UNESCO mobilizes to prevent the further destruction of heritage at the hands of ISIS

By Maria Martens Serrano - Friday, February 27, 2015
UNESCO mobilizes to prevent the further destruction of heritage at the hands of ISIS

Artdependence reports: UNESCO mobilizes to prevent the further destruction of heritage at the hands of ISIS.

UNESCO mobilizes to prevent the further destruction of heritage at the hands of ISIS

Artdependence reports: UNESCO mobilizes to prevent the further destruction of heritage at the hands of ISIS.

On Thursday February 26th the world watched with horror the video footage showing the destruction of history at the hands of the extremist Islamic rebel group ISIS.

The destroyed statues and artefacts, dating back thousands of years to the Assyrian and Akkadian empires, are considered by ISIS militants to be examples of idolatry that do not correspond to their Islamic monotheist belief.

The United Nations Educational, Scientific and Cultural Organization (UNESCO) has expressed lament at the loss of so many invaluable artefacts, alongside the loss of so many lives, at the hands of extremism.

Artdependence Magazine contacted the UNESCO press office to enquire over the organizations’ response to this most recent tragedy, among the many that have taken place in the region since the Arab Spring in 2011.

We have learned that the UN’s cultural organization seeks to mobilize the international community with the support of the UN’s Director General Ban Ki Moon, who is expected to call for an emergency Security Council meeting to address the situation.

Already a UN resolution has been put in place, as of last January 12th, which seeks to avoid the illegal trafficking of cultural artefacts from the Middle East by the hands of ISIS and other groups associated with Al-Qaida.

Beyond the destruction of these artefacts as a form of asserting political, cultural and religious dominance, these extremist groups are known to engage in the black-market trafficking of historical items to further fund their terrorist activities. The aforementioned resolution seeks to diminish the chances of profiteering from the looting of heritage sites – a criminal activity that UNESCO qualifies as a war crime. As such, UNESCO director Irina Bokova is seeking to take the measure further by indicting ISIS through the International Criminal Court in the Hague.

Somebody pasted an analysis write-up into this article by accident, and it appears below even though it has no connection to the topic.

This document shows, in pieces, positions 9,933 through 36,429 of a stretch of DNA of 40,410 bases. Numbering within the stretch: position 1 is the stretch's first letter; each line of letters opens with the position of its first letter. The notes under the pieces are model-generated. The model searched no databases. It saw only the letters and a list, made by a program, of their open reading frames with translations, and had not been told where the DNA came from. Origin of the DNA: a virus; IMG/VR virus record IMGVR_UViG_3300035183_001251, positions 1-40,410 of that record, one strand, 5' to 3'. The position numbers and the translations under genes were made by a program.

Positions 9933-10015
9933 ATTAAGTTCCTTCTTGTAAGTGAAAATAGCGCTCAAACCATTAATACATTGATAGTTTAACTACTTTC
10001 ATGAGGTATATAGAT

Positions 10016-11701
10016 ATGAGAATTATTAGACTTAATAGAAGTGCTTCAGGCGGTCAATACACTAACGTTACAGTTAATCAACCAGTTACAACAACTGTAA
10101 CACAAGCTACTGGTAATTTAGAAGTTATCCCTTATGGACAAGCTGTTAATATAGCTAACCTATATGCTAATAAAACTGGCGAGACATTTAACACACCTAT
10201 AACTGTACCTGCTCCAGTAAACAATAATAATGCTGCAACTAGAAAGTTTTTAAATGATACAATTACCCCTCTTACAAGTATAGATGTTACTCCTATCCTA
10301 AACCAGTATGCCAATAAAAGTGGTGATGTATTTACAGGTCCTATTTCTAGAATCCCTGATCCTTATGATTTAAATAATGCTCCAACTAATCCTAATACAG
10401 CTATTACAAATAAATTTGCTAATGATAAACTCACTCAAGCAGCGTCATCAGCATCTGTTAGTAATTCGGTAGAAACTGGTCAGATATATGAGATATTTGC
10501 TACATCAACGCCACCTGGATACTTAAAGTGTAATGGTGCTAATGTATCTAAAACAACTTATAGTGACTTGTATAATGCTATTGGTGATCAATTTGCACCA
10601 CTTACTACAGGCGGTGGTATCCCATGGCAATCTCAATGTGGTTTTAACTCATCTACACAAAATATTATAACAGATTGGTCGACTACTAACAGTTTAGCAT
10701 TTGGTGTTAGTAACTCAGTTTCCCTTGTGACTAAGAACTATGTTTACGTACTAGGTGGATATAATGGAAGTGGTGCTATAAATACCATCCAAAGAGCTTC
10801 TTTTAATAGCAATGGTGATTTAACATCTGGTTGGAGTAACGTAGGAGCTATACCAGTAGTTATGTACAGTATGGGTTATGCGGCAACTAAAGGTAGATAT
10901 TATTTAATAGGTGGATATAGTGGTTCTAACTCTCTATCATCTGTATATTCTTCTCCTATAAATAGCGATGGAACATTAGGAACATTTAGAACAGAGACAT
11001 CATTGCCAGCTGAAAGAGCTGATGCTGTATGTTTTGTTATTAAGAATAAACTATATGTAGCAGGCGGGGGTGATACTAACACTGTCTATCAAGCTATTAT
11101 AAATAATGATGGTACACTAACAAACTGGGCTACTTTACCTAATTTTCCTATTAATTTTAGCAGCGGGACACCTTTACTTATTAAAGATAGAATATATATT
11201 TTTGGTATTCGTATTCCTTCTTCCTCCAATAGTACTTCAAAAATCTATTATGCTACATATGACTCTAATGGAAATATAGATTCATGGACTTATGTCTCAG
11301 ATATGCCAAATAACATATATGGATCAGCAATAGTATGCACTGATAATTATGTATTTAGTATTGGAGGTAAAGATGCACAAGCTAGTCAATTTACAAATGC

On the ground, the UN organization is working in close cooperation with Lebanon and Turkey, along with the World Customs Organization, to detect and avert the handling and trading of these items. Furthermore, large auction houses such as Christie’s and Sotheby’s have been asked to be on the lookout for the stolen artefacts.

UNESCO has also communicated the show of support from many countries in the EU, alongside others such as Japan and Sweden, in combating these activities.

If it is any consolation after such as tragedy, the UNESCO press office did confirm that several of the objects destroyed were replicas. They claimed that many original objects remained undamaged, stored in an undisclosed location, where they will continue to be stored for the sake of preserving a valuable cultural heritage belonging not only to the region, but to the entire world.

Check the video to hear more from UNESCO Director General Irina Bokova on the relationship between cultural preservation and security measures:


Maria Martens Serrano is a Dutch-Salvadoran writer. She studied under a liberal arts program at University College Utrecht, going on to graduate with an MSc in Sociology from the University of Amsterdam. Exploring a broad range of interests, Maria previously worked with a news website and a human rights NGO, before becoming involved with several art fairs in the Netherlands. She now writes on topics of arts and culture. In early 2015 Maria joined the team of Artdependence Magazine as editor and contributor.

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